For other ideas for online fundraising, check out these tips for creating effective online campaigns. And for next year, make sure to investigate some of Mashable’s picks for the best online fundraising platforms.
Happy holidays, and happy fundraising.
This week, Nina Simon at Museum 2.0 wrote about institutions with a public service perspective – museums that have transformed their mission and made their work about community-wide advocacy. For me, the Lower East Side Tenement Museum in lower Manhattan is a model for civic engagement. This is the museum that inspired me, as a graduate student, to think outside the box of history museum offerings and consider the many ways a museum could contribute to social change.
The immediacy of those tenement apartments, interpreting the lives of Irish, German, Russian Jewish, and Italian immigrants in the 19th and early 20th centuries, generates a feeling of pride and a connection with the American experience, the story of immigration. That sounds a bit simple, I know, but there is a quiet power to witnessing the recreated worlds of people that share the same struggles as you do – paying the bills, feeding a family, acclimating to new surroundings, finding work. This was the first place I toured where the dominant story was about the working class and the poor, and thus felt relevant to a broad audience.
The Tenement Museum could stop right there and I would be impressed by the quality of their research and interpretation. But, it doesn’t. Instead, the museum is committed to using history as a means to get at contemporary debates, namely immigration, and inspire community action on a range of issues. There are some who would find the phrase “using history” worrisome, but the Tenement Museum is living proof that you don’t have to choose between rock-solid scholarship and policy. (There are institutions which strike that balance poorly, but that’s a different story for a different day.)
Visitors participate in a Past & Present discussion at the Lower East Side Tenement Museum. (Photo: Lower East Side Tenement Museum.)
In April, I was lucky enough to participate in a roundtable discussion about civility and civic engagement in public history practice with Lokki Chan, an educator at the Lower East Side Tenement Museum. In this current political climate, it can be hard to imagine people who disagree coming together to discuss the past and try to build upon some kind of shared experience. But that is exactly what the Tenement Museum’s dialogue program aims to do. Starting with a seemingly innocent question, “Where are you from?,” educators like Lokki work to deromanticize the past and complicate the present, making space for difficult dialogues about immigration today and in history. The program has been remarkably successful; in the past year alone, over 5,000 people have chosen tours with this discussion component and the responses have been overwhelming positive.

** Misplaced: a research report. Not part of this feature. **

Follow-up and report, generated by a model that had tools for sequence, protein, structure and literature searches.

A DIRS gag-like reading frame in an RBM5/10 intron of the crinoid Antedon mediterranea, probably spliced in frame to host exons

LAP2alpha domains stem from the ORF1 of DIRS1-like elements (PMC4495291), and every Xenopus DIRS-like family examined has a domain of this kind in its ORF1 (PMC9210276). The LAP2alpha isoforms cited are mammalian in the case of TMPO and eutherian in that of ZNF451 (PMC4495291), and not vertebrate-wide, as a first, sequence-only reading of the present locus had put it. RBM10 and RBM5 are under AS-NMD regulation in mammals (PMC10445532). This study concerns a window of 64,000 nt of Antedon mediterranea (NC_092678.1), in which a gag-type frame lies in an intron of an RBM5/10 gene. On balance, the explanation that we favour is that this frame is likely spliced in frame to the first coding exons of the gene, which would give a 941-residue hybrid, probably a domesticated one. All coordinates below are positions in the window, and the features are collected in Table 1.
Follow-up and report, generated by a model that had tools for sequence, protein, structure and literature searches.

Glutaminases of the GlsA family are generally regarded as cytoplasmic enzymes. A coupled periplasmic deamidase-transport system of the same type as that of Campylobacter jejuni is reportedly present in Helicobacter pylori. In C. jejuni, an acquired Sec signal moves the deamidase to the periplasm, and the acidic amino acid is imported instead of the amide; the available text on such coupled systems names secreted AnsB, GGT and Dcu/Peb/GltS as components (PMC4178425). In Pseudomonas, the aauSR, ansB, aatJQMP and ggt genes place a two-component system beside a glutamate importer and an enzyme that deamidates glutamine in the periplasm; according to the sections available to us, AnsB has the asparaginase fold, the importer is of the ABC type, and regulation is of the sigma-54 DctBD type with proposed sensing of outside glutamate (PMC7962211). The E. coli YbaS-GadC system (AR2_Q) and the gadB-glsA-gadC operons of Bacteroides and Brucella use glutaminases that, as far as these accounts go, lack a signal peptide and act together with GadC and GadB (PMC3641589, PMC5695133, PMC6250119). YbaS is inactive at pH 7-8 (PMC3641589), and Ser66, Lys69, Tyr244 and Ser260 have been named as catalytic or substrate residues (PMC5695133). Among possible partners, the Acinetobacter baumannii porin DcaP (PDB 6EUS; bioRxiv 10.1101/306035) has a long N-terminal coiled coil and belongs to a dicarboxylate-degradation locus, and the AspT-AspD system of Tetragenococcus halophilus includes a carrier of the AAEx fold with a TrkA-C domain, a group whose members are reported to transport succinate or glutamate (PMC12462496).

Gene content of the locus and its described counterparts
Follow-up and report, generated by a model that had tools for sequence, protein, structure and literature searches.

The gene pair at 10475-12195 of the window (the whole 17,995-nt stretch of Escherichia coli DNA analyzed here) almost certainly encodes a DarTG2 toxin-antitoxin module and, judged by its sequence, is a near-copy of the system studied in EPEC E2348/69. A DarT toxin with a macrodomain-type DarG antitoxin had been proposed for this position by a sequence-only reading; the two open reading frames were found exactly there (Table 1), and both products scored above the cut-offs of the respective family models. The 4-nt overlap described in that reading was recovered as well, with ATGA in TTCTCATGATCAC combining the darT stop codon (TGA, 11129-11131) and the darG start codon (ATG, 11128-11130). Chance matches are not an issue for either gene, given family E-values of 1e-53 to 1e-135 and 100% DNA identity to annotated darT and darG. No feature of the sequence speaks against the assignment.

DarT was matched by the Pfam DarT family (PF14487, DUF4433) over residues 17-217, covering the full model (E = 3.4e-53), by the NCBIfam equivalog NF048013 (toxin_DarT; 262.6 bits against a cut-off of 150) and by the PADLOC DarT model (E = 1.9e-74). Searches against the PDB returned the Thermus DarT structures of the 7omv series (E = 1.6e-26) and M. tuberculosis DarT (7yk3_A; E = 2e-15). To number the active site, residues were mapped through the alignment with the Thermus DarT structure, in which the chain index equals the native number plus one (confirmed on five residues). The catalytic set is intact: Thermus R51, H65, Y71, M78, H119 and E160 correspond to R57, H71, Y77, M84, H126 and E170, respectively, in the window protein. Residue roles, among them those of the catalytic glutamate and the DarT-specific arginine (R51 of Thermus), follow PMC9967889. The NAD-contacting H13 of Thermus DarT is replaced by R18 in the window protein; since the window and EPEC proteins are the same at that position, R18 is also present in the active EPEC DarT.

A perspective shift is an important goal. The museum also makes space for a different kind of engagement, through the “Agents for Change” initiative. In this section of the website, the museum highlights stories of community leaders, both historical and contemporary, who have brought about positive change in the community. The stories are meant to galvanize the reader into action; there are links and tips for pursuing similar goals in your own neighborhood. The initiative is bold and compelling.
For many of you, this love letter will feel familiar. But for those of you who haven’t yet been to the Lower East Side Tenement Museum, or for those of you who are seeking out institutions where civic engagement has become part of the mission without cannibalizing their other goals, this post is for you. Now is as good a time as any – better even, as their new visitor’s center is slated to open soon – to visit and be inspired.
Lower East Side Tenement Museum
108 Orchard Street
New York, NY 10002